For pH < 9 you can consider all the alkalinity to be caused by bicarbonate. At pH 9 about 5% of it is caused by bicarbonate and hydroxyl ions come into play as well. To compute alkalinity divide the bicarbonate by 61 and multiply by 50. To be precise add 2.5. This should be done beacause it is alkalinity that is measured and bicarbonate calculated from it. Even distilled water has an alkalinty of 2.5 or so. Your lab probably didn't take that into account when they calculated bicarbonate and none of the spreadsheets do when they calculate alkalinity from bicarbonate so you can probably safely ignore that nuance.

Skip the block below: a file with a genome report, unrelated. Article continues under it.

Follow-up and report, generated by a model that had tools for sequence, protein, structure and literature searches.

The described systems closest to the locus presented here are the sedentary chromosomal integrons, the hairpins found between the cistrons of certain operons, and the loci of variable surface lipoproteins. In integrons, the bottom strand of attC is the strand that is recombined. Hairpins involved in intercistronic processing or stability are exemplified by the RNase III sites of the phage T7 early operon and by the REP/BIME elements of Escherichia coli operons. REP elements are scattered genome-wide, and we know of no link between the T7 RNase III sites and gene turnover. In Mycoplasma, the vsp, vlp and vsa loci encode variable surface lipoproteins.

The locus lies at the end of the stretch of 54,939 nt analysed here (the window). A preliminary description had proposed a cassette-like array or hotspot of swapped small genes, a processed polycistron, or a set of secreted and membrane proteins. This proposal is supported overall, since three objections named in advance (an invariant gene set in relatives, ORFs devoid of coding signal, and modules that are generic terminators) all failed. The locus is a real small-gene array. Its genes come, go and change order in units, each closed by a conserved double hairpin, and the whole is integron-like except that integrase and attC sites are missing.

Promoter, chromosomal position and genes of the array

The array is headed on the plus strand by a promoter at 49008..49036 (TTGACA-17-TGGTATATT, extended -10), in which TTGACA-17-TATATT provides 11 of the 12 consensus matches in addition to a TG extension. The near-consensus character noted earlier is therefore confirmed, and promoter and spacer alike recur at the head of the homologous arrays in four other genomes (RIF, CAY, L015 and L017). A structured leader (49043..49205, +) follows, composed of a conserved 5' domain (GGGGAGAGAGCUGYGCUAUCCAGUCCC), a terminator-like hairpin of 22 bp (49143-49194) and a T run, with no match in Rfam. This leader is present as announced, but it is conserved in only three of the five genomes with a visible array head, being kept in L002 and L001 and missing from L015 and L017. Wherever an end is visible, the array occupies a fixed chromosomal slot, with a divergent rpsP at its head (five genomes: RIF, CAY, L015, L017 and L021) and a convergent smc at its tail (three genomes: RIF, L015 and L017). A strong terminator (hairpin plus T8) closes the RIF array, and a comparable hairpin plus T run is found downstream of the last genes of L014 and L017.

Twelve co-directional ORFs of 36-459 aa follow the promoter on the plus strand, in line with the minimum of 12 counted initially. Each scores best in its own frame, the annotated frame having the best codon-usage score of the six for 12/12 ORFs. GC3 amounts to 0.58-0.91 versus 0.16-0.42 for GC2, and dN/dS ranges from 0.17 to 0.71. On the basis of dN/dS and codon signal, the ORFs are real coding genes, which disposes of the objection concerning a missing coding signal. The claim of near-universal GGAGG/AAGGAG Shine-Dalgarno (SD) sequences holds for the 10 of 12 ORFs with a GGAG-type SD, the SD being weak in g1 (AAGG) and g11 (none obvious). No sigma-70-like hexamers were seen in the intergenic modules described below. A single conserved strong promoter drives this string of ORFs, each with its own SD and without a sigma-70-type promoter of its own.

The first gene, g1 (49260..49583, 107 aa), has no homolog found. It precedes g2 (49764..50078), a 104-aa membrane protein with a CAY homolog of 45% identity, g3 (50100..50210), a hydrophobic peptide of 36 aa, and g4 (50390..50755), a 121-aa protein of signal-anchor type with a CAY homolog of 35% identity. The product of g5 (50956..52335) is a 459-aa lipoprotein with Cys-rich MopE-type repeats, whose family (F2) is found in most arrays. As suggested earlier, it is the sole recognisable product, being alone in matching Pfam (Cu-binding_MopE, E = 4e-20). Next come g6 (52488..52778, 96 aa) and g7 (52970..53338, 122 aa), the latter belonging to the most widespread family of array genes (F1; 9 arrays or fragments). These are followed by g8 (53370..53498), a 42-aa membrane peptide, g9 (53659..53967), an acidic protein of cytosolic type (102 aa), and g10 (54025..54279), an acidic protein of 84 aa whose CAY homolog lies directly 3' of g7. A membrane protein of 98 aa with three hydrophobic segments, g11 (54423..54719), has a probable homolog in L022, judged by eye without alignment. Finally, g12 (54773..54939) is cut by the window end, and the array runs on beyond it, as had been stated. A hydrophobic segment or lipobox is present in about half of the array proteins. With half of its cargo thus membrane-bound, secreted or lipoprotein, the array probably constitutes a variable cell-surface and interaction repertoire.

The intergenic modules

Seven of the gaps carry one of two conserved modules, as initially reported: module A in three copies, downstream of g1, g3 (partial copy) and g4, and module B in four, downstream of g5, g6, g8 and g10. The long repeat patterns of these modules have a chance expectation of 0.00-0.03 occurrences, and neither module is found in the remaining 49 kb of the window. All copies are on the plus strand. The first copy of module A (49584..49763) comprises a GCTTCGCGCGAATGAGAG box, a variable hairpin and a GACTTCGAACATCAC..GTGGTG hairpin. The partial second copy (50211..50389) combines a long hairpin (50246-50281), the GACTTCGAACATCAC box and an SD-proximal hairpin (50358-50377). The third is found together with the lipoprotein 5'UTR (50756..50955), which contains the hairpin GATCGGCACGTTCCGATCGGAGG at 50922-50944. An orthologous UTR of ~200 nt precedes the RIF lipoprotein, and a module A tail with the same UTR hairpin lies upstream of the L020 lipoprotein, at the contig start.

Example: Bicarbonate 122 mg/L, pH 7. Alkalinity = 50*122/61 + 2.5 = 102.5. The actual alkalinity for this case (assuming the bicarb is all calcium bicabonate) is 101.8.
Example: Bicarbonate 112.2, pH 9. Alkalinity = 50* 112.2/61 + 2.5 = 94.5. The actual alkalinity in this case is 100.
Now where the pH is high like this the report should include carbonate ion as well so the report should read:
Bicarbonate pH 9, bicarbonate 112.2, carbonate 3.6. Add twice the carbonate divided by 60 before multiplying by 50 i.e.
alkalinity = 50*(112.2/61 + 2*3.6/60) + 2.5 = 100.5